Building basic web pages | A Web Standardistas’ Approach

Don’t use spaces in your file names. Ever.
Finally, upper- and lowercase can be interpreted differently on different systems. Windows
systems are case insensitive whereas Linux systems are not.

Use only lowercase letters when naming files.
Follow this rule, and you won’t run the risk of your page not being found because of the
difference in upper- and lowercase letters in the file name.

Learning from others: How to view source.
We can start to explore how other designers use tags to structure their web pages.
The best way to do this is to load up a web page and use your browser’s View Source feature to see the original behind-the- scenes code that underlies the page.

The wonderful thing about the Web, and what makes it easy to learn from others’ Web
pages, is the ability to use the View Source menu command in your browser to view the
underlying source code for almost any web page.

It all starts with a DOCTYPE
The DOCTYPE informs the browser which flavor of HTML or XHTML you’re using.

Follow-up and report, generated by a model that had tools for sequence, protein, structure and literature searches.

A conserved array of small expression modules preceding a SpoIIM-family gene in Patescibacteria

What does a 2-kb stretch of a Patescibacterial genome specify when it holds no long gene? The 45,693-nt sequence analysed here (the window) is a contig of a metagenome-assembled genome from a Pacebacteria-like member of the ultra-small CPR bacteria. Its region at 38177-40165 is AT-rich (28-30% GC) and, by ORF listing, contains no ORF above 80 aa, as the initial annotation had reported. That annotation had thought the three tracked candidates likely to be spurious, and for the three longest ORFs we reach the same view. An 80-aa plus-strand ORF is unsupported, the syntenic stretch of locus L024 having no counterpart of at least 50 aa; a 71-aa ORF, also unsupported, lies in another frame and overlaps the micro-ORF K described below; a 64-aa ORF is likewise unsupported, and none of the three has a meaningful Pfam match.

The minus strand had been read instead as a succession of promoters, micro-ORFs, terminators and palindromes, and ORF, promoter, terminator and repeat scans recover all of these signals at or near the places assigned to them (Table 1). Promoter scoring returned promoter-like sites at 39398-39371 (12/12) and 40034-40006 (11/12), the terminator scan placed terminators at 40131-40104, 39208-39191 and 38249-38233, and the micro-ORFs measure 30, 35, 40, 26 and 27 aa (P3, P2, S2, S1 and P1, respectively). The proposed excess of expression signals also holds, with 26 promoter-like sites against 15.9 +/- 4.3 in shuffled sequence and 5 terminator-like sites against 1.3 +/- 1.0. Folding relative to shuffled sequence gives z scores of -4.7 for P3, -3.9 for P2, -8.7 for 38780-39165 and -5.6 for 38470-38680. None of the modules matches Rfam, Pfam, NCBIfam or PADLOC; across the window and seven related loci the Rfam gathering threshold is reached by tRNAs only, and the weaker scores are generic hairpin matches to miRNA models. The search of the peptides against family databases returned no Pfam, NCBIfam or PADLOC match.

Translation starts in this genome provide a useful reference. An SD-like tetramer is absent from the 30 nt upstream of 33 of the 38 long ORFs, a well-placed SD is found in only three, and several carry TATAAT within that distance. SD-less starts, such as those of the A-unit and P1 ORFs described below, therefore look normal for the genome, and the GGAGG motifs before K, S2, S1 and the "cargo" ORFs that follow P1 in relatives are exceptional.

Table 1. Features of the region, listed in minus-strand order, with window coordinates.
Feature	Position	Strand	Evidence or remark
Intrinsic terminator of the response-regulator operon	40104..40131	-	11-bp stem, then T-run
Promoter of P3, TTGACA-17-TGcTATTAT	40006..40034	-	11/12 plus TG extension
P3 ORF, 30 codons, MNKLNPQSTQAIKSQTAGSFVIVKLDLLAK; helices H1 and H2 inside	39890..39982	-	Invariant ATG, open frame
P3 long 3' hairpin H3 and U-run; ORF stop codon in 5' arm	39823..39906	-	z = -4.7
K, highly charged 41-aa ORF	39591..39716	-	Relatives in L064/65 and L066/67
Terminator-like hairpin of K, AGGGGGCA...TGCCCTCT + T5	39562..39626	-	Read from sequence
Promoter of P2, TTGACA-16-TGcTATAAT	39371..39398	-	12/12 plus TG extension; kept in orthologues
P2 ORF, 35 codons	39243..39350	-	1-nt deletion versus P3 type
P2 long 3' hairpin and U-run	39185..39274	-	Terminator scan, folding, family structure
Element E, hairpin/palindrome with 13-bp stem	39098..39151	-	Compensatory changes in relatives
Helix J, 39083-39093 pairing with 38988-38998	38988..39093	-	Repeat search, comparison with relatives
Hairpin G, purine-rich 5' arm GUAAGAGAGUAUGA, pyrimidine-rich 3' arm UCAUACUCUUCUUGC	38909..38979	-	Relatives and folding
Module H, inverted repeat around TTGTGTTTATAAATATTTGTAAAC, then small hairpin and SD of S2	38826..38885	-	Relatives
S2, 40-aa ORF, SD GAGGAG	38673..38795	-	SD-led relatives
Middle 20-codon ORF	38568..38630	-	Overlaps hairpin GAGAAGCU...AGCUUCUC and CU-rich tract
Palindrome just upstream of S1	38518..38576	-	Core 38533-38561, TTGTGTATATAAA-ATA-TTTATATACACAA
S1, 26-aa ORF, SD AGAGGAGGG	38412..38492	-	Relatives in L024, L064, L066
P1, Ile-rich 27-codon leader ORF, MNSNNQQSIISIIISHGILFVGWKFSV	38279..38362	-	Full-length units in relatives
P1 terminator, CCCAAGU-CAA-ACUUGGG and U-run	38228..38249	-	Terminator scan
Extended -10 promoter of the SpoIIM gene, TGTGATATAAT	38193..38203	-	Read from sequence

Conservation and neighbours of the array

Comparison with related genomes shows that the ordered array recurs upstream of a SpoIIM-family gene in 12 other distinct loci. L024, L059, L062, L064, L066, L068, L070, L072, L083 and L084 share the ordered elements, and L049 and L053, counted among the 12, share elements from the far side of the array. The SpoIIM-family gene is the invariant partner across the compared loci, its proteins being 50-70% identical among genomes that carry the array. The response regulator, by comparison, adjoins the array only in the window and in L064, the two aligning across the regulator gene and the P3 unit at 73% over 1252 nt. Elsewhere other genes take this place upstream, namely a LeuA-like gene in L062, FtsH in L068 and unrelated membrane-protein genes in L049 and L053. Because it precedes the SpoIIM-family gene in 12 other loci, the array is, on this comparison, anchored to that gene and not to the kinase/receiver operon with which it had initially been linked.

The DOCTYPE is an additional, but important, part of your web page that tells the browser
how to display the page and what language has been used to mark it up. The DOCTYPE
needs to come before your opening <html> tag.

Commenting your markup
Comments open with a <!– and close with a –>>; anything included between these markers is not displayed in the browser. This can be very useful for a number of reasons: a comment could serve as a note to remind you why you structured a document a particular way, a note to indicate when you changed the document, a note to a friend working on the same web page, or a means of hiding parts of the document itself. This latter use can be particularly useful when testing, enabling you to switch the display of elements on or off.


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